It is also important to explain to people why, even though they feel healthy, they can still be at risk of developing type 2 diabetes. It is available from your Health Care Professional, so ask for it the next time you see a GP, Diabetes Specialist Nurse, Dietician, Podiatrist, Physio etc. iii. Diabetes is a major risk factor for cardiovascular disease and stroke among people of working age. An estimated 850,000 people in the UK may have diabetes but don’t know it and may remain undiagnosed. Many more may have blood glucose levels above the normal range, (impaired glucose regulation) but not high enough for a diabetes diagnosis. vi.
In the UK, type 2 diabetes is more prevalent among people of South Asian, Chinese, African–Caribbean and black African descent than among the white population. People in these groups tend to develop it at a younger age. They also tend to progress from impaired glucose tolerance to diabetes much more quickly (more than twice the rate of white populations). vii. Particular conditions can increase the risk of type 2 diabetes. These include: cardiovascular disease, hypertension, obesity, stroke, polycystic ovary syndrome, a history of gestational diabetes and mental health problems. In addition, people with learning disabilities and those attending accident and emergency, emergency medical admissions units, vascular and renal surgery units and ophthalmology departments may be at high risk.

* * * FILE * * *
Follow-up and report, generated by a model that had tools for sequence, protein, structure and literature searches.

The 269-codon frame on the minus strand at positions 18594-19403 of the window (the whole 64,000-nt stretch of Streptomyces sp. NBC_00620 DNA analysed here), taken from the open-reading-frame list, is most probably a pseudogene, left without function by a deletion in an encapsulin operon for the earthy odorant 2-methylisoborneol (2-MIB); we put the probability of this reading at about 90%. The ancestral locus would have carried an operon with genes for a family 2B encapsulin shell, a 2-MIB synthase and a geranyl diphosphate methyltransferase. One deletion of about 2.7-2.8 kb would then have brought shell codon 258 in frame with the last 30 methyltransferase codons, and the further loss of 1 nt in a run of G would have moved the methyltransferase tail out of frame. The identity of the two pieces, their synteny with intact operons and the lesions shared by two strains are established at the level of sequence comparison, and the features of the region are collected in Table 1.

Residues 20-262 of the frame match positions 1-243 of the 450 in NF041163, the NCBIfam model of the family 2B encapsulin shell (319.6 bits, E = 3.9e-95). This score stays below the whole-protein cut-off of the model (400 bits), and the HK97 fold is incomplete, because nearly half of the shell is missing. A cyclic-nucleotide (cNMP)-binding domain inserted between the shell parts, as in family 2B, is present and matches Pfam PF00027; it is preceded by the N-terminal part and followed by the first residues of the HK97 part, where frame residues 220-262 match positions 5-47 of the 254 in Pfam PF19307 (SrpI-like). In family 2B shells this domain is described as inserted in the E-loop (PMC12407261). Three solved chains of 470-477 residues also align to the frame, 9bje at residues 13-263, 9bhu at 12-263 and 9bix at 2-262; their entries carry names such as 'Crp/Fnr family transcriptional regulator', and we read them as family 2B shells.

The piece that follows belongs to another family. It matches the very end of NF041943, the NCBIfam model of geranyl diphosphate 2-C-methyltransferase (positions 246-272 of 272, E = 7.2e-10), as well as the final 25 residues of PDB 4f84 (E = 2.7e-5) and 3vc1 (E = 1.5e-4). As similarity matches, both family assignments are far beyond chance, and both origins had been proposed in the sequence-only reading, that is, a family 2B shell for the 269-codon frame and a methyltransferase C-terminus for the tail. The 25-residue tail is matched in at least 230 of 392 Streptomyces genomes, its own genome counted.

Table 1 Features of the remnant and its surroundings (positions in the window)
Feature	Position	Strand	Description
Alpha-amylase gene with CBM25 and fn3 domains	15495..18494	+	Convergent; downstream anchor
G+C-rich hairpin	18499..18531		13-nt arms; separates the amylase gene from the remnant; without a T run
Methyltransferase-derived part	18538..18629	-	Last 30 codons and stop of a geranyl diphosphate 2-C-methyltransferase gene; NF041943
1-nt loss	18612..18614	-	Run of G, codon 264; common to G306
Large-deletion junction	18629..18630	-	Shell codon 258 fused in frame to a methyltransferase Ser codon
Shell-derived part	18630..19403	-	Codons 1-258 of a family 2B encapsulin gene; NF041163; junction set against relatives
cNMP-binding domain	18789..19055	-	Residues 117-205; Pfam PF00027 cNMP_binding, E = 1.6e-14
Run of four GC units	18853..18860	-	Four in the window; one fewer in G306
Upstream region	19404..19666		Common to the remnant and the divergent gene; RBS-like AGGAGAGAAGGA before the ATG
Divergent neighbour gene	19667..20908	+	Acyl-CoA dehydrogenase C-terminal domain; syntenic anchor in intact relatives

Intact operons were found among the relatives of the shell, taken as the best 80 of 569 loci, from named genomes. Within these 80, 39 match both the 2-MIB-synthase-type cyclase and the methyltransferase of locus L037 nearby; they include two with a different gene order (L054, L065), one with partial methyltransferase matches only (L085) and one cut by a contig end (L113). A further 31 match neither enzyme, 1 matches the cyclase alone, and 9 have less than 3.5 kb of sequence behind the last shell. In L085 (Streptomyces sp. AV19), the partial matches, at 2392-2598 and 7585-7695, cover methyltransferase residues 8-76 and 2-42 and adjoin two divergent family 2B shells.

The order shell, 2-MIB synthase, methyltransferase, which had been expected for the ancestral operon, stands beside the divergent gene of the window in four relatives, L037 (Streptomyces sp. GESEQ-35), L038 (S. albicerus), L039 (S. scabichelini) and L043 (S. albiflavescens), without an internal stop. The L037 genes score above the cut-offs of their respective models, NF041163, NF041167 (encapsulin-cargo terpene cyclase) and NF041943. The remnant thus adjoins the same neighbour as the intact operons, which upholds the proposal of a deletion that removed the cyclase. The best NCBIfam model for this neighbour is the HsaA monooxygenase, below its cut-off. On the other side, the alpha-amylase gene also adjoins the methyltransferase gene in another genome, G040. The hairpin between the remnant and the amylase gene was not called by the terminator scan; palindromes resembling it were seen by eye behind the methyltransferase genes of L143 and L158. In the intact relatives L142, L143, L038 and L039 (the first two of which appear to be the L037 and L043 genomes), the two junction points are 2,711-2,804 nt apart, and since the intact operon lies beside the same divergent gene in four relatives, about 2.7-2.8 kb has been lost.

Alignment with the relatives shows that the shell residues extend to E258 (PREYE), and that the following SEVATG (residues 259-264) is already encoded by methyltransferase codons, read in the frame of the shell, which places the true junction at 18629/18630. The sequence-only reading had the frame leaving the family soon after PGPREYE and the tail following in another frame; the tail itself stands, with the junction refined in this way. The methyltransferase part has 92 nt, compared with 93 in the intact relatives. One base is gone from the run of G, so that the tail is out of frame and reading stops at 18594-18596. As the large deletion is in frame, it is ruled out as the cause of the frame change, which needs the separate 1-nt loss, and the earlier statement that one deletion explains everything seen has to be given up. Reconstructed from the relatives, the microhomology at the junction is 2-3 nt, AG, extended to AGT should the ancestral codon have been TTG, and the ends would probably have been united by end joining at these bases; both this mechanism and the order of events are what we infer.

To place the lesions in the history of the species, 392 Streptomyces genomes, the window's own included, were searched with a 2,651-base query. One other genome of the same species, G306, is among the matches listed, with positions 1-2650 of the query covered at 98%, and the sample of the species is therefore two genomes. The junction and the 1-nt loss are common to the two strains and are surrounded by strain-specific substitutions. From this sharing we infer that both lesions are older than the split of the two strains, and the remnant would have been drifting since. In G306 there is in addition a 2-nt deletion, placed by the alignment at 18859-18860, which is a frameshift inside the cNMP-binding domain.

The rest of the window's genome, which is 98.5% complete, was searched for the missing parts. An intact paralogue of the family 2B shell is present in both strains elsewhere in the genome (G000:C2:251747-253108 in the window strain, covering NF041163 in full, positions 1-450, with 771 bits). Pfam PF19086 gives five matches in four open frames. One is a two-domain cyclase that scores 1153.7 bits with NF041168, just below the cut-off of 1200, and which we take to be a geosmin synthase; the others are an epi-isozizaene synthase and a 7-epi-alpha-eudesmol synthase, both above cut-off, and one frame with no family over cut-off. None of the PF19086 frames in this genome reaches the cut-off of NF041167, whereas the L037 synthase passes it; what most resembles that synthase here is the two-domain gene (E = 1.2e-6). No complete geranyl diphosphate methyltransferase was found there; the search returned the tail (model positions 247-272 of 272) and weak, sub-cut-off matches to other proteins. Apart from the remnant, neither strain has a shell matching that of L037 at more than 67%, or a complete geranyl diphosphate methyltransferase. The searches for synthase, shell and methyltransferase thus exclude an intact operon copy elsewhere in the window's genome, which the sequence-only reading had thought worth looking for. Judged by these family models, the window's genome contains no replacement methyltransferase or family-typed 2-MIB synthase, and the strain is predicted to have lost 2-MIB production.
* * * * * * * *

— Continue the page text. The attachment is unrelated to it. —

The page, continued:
In particular participants thought the course was very informative and were motivated to try and modify their health behaviour through increased physical activity and the adoption of a healthy diet. Glycated haemoglobin (HbA1c) forms when red cells are exposed to glucose in the plasma. The HbA1c test reflects average plasma glucose over the previous eight to 12 weeks. Unlike the oral glucose tolerance test, an HbA1c test can be performed at any time of the day and does not require any special preparation such as fasting. HbA1c is a continuous risk factor for type 2 diabetes. This means there is no fixed point when people are (or are not) at risk. The World Health Organization recommends a level of 48 mmol/mol (6.5%) for HbA1c as the cut-off point for diagnosing type 2 diabetes in non-pregnant adults.
For the purposes of this guidance, the range 42–47 mmol/mol (6.0–6.4%) is considered to be ‘high risk‘. x. Intensive lifestyle-change programmes are specially designed for groups of 10–15 people at high risk of developing type 2 diabetes. The groups should meet at least eight times over a period of 9–18 months and participants should have at least 16 hours of contact time, either within a group, on a one-to-one basis or a mixture of both approaches, or they may use telephone or computer-based interactive media. 1. The National Institute for Health and Clinical Excellence (NICE) is the independent organisation responsible for providing national guidance and standards on the promotion of good health and the prevention and treatment of ill health. • Quality and Outcomes Framework – NICE develops the clinical and health improvement indicators in the QOF, the Department of Health scheme which rewards GPs for how well they care for patients.
4. NICE provides advice and support on putting NICE guidance and standards into practice through its implementation programme, and it collates and accredits high quality health guidance, research and information to help health professionals deliver the best patient care through NHS Evidence.